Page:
In Afghanistan, supply convoys have been a favorite target of insurgent fighters, not only because they make warfighting possible for troops at forward operating bases but also because they are so very vulnerable to ambushes and IEDs. But on Saturday, NATO logisticians hit a major milestone in Afghanistan, reaching out and touching one of the holy grails of robotic warfare when an unmanned K-MAX helicopter successfully delivered a sling-load of beans, bullets, and band-aids to an unspecified base for the first time.
Reportedly that first flight, along with a few in-theater test flights that preceded it last week, is part of a run-up to regular operations using the K-MAX, which is manufactured by Kaman Aerospace. The 2.5-ton, GPS-guided K-MAX can heft 3.5 tons of cargo about 250 miles up and over the rugged and mountainous terrain of Afghanistan across which NATO troops are scattered.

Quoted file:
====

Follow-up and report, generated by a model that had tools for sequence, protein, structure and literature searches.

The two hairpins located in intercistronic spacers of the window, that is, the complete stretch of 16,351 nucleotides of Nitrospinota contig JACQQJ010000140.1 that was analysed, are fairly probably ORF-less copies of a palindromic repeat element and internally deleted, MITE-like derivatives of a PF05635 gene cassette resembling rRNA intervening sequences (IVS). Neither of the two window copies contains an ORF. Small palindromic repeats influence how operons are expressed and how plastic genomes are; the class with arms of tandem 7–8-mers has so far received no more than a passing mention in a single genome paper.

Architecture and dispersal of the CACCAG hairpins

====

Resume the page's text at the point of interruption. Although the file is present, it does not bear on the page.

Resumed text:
That’s important. IED and ambush risk aside, the terrain in Afghanistan isn’t always conducive to overland resupply. And putting choppers in the air introduces a whole new set of problems, including the risk of being shot down (or simply crashing). It also means you need to have a rested flight crew that hasn’t already maxed out its flight hours for a given period.
Automated GPS-guided helos can fly around the clock and do the bulk of their resupply at night since they don’t necessarily need to actually “see” anything. In fact, Danger Room reports that the Marine’s plan to run K-MAX mostly at night and mostly at high altitudes to keep it away from small arms fire. Because even unmanned aerial systems don’t like taking casualties.